The $100 handshake has been a problem on college campuses since forever. Boosters know they’re not supposed to do it. Players sign statements to the NCAA saying they didn’t do it. It goes on nonetheless. But when coaches are allegedly involved, the improper benefits compliance problem metastasizes into a royal pain in in the ass.

From Brooks’ transcript:

Reddick: “I was contacted by a local alumni (of Auburn) and offered a large sum of money.

Kremer: “What are you thinking?

Reddick:That people are trying to take advantage of me. And I can’t give anybody any kind of power over me.

Kremer voiceover: “He (Reddick) says he didn’t take the handout. …

  • Reddick on why he was unhappy at Auburn - and the remedy for that unhappiness

Kremer voiceover: “Reddick was growing increasingly unhappy because he says the (Auburn) coaches wanted him to change his major. Why? Because his class schedule got in the way of football practice.

Reddick: “I changed my major, so my classes didn’t interfere no more but I didn’t bother to go because I knew I was only there to play football.

Kremer: “So what did you do?

Reddick: “I started complaining and insinuating that I was ready to leave any day. They had to do something about that.”

Kremer voiceover: “The enticement to stay, Reddick says, became clear to him, when one of the coaches approached him after a team meeting.

Reddick: “He (Auburn coach) said I got some mail for you up in my office.”

Kremer to Reddick: “Some mail for you?

Reddick: “And I followed him up to his office and he gave me an envelope. I didn’t open there, I walked out to my truck, took off. … It was about 500 dollars.”

Kremer: “500 dollars in the envelope?

Reddick: (nods yes)

Kremer: “How often did you get the money in the envelope?

Reddick: “Over that season it happened like two or three more times. And it happened about six or seven times my senior year.

There are four obvious problems for Auburn with the Reddick story. First, while it’s outside the NCAA’s normal five academic year statute of limitations, it’s got multiple rules violations being alleged. Second, there’s a coach involved in a pay-for-play accusations. Third, there’s a coaching staff interfering with a player’s academic affairs. And fourth, there’s an implicit accusation of academic fraud. Reddick says he didn’t go to class, but one has to assume that he remained academically eligible, right up through his senior year. two of the other three players mentioned on the show—Raven Grey and Chaz Ramsey—also made accusations of pay for play and theirs fall well inside the statute. Auburn has a real problem, here.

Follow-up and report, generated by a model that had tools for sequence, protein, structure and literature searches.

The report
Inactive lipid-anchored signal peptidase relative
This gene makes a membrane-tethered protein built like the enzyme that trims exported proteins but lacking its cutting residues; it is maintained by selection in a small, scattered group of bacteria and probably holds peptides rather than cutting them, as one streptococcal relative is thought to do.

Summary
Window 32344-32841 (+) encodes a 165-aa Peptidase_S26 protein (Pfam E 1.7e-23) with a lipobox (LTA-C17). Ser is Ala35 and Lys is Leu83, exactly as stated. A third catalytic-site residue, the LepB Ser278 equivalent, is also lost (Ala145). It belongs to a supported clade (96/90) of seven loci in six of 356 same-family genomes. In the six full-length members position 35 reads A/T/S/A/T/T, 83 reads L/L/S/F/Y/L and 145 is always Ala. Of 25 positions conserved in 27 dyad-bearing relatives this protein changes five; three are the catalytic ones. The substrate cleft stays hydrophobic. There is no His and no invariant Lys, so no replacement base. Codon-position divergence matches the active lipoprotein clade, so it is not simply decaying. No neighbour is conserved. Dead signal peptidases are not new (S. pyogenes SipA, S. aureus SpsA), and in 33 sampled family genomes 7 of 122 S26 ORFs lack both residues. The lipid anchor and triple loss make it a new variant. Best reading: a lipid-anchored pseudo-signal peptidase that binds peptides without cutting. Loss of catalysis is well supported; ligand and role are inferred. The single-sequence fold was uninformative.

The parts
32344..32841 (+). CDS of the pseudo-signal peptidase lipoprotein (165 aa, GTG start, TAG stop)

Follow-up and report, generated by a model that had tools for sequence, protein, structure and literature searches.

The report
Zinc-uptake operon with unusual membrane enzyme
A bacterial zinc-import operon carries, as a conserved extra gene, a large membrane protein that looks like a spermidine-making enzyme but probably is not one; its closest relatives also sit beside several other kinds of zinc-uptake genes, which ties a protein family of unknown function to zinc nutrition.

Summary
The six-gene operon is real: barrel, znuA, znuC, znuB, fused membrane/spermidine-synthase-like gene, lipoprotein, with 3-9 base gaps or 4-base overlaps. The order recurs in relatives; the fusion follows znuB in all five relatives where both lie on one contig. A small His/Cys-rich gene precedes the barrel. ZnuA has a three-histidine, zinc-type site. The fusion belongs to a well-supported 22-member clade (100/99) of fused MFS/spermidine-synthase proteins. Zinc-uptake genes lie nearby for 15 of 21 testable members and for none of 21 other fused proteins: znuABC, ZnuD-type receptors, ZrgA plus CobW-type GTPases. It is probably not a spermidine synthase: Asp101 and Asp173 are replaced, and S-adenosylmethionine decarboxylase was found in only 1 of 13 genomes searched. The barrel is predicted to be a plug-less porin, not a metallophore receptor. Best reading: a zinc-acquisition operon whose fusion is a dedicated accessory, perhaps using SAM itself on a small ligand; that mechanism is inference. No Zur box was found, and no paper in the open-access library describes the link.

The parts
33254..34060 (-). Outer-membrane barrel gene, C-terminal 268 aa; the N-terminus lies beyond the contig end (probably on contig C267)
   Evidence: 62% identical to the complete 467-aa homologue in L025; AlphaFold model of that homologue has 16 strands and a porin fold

UPDATE: The above paragraph has been edited from the original post from this morning to reflect a four year statute rather than a five year statute as originally stated.

The fourth player who talked to HBO—Stanley McGlover—made accusations that would fall outside the statute, but I’ve seen some interpretations of NCAA rules that would allow the statute to be waived if there is a pattern of activity that begins outside of the statute but continues into and through that window.

Here’s what bugs the living daylights out of me. How is it that a Georgia grad living on the west coast and writing a blog is able to obtain a transcript of a nationally televised show, and the Alabama media cartel—supposedly with an “Auburn Bureau” and two dedicated beat writers—gets scooped? I don’t blame the writers. Solomon’s a straight up news guy. Sports Editor Randy Kennedy of the Mobile Press-Register is a first class newshound. It’s not their fault that they’re not allowed to chase these stories down. It’s screwed up management.

Exit question: For hard news stories, where are people going now for hard news on this and other such stories?

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Tuesday, March 29, 2011

Fiesta Fallout: Bowl might lose its BCS membership


Updated to add the link to the Arizona Central website.

John Junker, CEO of the Tostitos Fiesta Bowl, was fired Tuesday after the release of an independent committee investigation report of alleged political campaign finance law violations, lavish parties, exorbitant gifts and financial misconduct.

Among some of the juicier details: A $1,200 tab at a local strip joint, tens of thousands in bogus bonuses paid to employees who funneled the money to political campaigns, a lavish 50th birthday party for Junker, Gold coins, cars… These people were living a lifestyle that would make Charlie Sheen proud.